EVER BEEN A KID?

by Dave Barry - Learning Consultant.


Hands up if you’d still like to be one?

If so, read on… If you’ve just put your hand down - you still need to keep reading!


Hands up if you’re ever childish at work?

If you’ve just put your hand down - you need to keep reading too! If you kept your hand up to all 3 questions, I’m really sorry for interrupting you but now that I have, you may as well keep on reading as you’re probably wondering why some people put their hands down anyway.


Kids are great aren’t they?

 

The way they annoy us grown-ups with their endless questions about how heavy the moon is, where do babies come from or why they have to ‘sit down and shut up’ just when we’ve finished helping them learn to walk and talk… That’s the beauty of being a kid - nothing is off limits. As a kid, the world around you is there for you to explore, understand, question and play with. There are no conventions, no boundaries, no etiquette and there’s definitely no such thing as a daft question. Those are all the things we learn as we grow up. 

 

 

Grown-ups are wiser than kids; right? Right?

Sure, us grown-ups have more experience, we’ve seen and done more things, we’ve had to deal with more of life and everything it throws at us. But we also learn - well actually we’re educated - to leave behind those child-like talents of exploration, curiosity, belief and challenge. We’re told there is such a thing as a daft question and there are etiquettes we have to follow. And I get why all that stuff is important and relevant and applicable. I just don’t believe it should be the case ALL the time and we should all be encouraged to let our inner-child out once in a while for our own benefit and that of those around us, be it at home or in work.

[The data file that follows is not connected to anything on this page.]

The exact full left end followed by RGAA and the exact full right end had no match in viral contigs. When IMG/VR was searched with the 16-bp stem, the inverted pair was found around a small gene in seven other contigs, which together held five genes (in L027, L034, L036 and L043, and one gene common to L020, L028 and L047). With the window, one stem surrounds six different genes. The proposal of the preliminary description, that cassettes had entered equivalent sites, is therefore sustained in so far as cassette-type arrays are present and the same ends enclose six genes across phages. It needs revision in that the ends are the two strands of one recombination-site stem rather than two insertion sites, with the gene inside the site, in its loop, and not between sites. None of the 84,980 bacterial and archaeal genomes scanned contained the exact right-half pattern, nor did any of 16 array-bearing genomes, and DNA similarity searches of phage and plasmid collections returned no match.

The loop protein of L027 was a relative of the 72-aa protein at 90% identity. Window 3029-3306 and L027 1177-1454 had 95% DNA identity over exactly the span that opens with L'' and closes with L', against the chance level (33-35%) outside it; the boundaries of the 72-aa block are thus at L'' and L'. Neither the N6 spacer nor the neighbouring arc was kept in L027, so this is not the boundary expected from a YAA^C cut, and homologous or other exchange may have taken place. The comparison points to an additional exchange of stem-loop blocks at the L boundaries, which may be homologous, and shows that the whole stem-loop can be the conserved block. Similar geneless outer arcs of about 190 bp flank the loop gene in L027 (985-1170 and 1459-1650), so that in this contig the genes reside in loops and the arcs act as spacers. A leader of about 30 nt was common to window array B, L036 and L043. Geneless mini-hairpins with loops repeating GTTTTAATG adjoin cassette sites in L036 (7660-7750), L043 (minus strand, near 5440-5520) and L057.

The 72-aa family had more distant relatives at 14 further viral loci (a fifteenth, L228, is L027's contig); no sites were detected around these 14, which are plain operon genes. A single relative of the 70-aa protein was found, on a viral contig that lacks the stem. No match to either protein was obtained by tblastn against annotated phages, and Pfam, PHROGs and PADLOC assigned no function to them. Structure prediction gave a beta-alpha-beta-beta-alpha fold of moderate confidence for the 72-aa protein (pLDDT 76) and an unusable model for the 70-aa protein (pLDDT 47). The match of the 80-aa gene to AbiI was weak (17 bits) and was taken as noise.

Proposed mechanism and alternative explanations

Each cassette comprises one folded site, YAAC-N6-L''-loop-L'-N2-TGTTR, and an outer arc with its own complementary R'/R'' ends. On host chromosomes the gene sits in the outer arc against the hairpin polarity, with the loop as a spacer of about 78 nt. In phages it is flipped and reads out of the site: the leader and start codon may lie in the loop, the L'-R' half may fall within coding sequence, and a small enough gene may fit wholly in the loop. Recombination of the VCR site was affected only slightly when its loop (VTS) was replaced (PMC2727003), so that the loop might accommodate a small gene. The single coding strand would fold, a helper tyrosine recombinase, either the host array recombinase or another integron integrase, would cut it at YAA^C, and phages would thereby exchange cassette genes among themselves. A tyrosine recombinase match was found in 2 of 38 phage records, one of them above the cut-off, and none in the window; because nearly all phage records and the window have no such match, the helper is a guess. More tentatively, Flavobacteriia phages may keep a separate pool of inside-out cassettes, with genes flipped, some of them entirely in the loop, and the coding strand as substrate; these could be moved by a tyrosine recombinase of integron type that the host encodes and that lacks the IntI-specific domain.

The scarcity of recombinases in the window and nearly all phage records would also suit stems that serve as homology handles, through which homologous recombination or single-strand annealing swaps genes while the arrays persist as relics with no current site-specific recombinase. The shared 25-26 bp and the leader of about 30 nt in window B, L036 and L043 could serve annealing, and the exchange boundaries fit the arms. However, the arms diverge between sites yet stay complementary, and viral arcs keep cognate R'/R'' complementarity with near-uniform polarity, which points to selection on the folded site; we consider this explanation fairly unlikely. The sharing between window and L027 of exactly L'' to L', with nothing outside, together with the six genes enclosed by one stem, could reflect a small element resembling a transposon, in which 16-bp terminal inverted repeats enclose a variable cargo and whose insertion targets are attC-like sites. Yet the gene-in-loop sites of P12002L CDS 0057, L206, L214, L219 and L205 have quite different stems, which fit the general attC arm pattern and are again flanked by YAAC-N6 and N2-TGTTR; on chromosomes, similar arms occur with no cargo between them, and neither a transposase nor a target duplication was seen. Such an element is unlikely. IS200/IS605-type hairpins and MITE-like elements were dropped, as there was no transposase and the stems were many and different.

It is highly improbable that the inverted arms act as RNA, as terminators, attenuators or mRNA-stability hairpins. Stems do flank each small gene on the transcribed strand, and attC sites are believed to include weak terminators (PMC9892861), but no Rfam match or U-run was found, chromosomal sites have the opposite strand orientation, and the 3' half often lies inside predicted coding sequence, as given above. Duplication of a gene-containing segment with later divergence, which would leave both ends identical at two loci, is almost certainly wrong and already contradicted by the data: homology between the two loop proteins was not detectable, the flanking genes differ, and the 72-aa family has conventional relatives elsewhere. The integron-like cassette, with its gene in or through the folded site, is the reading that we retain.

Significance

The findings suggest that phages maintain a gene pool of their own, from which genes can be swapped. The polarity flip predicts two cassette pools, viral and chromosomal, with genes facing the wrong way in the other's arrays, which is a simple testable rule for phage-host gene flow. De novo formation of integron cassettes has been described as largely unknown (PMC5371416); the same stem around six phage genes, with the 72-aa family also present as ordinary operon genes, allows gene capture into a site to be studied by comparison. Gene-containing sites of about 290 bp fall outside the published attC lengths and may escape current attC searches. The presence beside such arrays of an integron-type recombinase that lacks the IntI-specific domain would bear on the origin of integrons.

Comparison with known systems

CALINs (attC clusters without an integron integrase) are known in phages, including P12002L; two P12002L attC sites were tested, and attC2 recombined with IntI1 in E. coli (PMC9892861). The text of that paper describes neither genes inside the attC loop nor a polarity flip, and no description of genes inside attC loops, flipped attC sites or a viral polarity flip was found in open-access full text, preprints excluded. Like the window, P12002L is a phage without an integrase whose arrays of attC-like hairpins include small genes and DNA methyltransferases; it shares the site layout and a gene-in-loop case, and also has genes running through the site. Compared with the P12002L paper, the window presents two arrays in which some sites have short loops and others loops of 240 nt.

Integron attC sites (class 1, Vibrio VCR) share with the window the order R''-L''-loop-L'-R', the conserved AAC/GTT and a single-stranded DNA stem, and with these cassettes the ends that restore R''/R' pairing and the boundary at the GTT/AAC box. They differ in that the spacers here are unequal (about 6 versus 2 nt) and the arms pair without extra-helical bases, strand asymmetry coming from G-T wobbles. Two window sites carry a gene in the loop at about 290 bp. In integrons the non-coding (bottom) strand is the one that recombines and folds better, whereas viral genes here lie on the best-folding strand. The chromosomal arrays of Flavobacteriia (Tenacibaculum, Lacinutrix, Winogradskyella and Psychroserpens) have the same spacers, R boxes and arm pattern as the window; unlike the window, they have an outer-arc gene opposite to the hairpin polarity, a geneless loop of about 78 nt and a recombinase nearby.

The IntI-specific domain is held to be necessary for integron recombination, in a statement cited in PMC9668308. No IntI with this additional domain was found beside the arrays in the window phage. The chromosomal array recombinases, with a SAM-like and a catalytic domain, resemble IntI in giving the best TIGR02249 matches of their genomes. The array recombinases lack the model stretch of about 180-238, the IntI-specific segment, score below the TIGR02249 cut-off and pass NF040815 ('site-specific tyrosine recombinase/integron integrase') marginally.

From a learning delivery perspective, often the most effective learning moments come from people being involved (participant or audience) in something actually happening - role play, activity, demo etc. They’re exploring, understanding and playing with their abilities and as a result they start to ‘get it’ in a way that doesn’t come from just talking about stuff. I suppose it’s why we laugh and cry at films - someone’s turned the actor’s instruction manual (the script) into action and that’s what kids do – they move into the world they are learning about and make their own little movies about stuff. It’s kind of like the learn from the inside out - rather than us boring grown-ups who tend to learn from the outside in, or at least that’s what school teaches us…

So, instead of me talking more, here are a couple of movies to get involved with.
 

Simon Sinek talk about his “Golden Circles” and how our brain works best and how we tend to use it back to front.

Also watch Ken Robinson talk about kids, their creativity and talents and how the system beats it out of us.

 

Give them a go, see what you think & why not come back with your thoughts. In the meantime, have fun being child-like!


About the author

I’m a Yorkshireman, Sheffield United fan, husband, dad, owner of Archie the Welsh Terrier and Learning Consultant - my key achievements in chronological order. Fell into learning quite by accident (like a lot of people do) 20 years ago, realised I was half-decent at helping other people learn and consequently haven’t been that far away from a classroom since. Interestingly my mum always said when I was a kid I should have been a teacher… What do parents know, eh?